These are just some of the survivors readers will meet in this fascinating, well-researched book. Each of the 12 people profiled have their own unique story of survival to tell, though each lost loved one, killed by the Nazis. It's sometimes hard to grasp the magnitude of the Holocaust and its victims, but reading these eyewitness personal accounts helps to bring what happened closer to us now that so many survivors are no longer living. And thanks to Hopkinson's in-depth knowledge of the Holocaust, she is able to make what can feel like a very complicated subject much more comprehensible. 

There are copious  photographs throughout each part, as well an invitation to "Look, Listen, Remember" at the end of each profile, where readers can listen to survivors tell their story. Extensive back matter includes a Glossary, a Timeline of WWII, a list of Museum Websites and Online Resources to explore, Oral Histories, Articles, and Interviews by and about the people in this book, an extensive Bibliography and of course, source notes (because Deborah is a truly consummate researcher).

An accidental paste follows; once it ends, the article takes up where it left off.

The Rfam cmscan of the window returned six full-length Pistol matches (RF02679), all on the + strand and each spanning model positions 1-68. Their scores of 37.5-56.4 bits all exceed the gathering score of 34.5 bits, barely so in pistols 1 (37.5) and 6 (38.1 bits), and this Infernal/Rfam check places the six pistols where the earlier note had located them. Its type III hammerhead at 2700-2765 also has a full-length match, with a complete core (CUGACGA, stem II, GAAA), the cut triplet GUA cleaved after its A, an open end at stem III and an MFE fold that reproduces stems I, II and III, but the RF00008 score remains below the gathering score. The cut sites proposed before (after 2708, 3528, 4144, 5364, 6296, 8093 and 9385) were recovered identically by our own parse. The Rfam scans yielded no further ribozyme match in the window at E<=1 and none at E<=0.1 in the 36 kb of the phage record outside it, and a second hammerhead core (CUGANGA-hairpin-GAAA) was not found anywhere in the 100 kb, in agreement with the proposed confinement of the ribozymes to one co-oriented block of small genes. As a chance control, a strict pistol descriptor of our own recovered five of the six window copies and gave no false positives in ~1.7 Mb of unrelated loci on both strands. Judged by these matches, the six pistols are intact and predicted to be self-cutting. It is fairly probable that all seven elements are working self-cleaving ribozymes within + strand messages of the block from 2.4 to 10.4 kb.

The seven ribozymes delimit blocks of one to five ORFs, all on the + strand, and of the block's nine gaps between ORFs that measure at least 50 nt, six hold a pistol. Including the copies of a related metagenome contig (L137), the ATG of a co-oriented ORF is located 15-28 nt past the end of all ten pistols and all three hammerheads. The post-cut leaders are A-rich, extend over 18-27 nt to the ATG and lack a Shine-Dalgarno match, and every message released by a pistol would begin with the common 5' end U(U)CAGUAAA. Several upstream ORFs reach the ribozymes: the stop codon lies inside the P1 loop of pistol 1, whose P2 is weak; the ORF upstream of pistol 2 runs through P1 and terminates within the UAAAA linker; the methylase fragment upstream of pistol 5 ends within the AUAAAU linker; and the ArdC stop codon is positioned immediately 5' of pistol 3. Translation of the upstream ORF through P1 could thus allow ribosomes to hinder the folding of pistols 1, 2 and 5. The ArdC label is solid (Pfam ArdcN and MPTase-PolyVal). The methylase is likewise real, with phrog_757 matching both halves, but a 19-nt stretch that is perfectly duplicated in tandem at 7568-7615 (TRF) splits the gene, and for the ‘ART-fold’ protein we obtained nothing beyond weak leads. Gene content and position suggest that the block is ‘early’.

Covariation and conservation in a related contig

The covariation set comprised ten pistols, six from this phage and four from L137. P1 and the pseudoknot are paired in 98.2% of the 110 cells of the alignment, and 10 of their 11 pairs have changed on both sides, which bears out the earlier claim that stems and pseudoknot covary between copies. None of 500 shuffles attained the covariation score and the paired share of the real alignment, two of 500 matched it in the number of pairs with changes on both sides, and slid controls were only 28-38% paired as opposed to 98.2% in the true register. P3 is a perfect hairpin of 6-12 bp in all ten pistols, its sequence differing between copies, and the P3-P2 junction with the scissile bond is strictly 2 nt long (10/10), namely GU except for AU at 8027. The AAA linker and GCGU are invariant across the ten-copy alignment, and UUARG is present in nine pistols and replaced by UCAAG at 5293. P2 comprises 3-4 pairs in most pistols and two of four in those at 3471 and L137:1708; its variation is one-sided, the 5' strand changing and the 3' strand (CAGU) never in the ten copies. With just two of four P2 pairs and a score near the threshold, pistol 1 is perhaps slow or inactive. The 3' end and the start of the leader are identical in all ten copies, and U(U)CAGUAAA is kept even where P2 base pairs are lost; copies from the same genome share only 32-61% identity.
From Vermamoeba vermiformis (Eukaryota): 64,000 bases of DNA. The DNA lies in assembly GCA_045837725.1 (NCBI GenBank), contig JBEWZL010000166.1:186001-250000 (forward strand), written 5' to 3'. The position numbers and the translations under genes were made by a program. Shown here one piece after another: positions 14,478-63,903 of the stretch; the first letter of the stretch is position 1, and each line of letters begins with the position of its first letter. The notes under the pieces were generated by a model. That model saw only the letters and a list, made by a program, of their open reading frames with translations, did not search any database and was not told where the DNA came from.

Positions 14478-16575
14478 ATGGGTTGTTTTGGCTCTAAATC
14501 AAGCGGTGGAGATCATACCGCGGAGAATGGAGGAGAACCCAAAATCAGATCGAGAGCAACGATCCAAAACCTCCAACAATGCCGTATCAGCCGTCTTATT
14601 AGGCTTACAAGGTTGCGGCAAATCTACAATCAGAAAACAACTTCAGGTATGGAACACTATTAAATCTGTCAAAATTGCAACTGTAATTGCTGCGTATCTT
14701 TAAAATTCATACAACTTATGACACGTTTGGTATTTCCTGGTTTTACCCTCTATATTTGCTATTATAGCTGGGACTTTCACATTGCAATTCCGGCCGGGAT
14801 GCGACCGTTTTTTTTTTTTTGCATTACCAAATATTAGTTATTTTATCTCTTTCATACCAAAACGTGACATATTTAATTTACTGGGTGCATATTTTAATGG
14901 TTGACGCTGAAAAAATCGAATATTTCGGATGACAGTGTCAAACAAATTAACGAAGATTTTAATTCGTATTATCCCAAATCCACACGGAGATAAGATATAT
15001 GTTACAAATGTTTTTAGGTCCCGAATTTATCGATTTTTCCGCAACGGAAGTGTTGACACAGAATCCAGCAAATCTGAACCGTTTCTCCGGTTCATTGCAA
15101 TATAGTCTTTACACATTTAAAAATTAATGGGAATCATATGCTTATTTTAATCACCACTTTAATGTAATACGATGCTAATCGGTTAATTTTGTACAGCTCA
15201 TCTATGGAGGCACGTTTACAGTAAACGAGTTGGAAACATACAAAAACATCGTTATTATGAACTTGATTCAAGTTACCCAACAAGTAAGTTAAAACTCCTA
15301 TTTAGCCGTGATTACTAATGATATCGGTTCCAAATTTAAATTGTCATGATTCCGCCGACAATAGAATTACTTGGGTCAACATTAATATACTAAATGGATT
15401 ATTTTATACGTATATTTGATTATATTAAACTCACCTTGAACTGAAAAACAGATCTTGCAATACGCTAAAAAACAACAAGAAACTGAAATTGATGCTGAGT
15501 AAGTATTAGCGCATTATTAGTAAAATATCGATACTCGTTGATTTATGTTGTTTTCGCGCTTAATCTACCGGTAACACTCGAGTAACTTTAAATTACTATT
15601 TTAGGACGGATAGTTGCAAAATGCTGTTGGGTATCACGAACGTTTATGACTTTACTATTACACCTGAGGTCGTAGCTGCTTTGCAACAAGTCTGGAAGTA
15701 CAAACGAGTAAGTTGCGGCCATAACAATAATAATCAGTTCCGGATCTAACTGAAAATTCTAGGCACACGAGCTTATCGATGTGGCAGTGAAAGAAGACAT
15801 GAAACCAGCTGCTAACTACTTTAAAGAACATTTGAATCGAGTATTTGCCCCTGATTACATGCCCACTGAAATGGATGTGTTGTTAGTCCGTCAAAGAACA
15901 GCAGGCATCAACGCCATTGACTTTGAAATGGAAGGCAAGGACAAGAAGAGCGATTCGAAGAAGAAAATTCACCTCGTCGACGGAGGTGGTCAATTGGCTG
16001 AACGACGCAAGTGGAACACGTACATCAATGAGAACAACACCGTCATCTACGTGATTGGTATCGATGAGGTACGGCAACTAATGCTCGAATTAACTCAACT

And if you think these stories are just in the past, I would suggest you reconsider. After all, the past is never past. Nationalistic right wing extremism is on the rise in Europe and the United States and once again, Jews are being singled out. Let these stories serve an a reminder and a warning.

This book is recommended for readers age 10+
This book was gratefully received from the author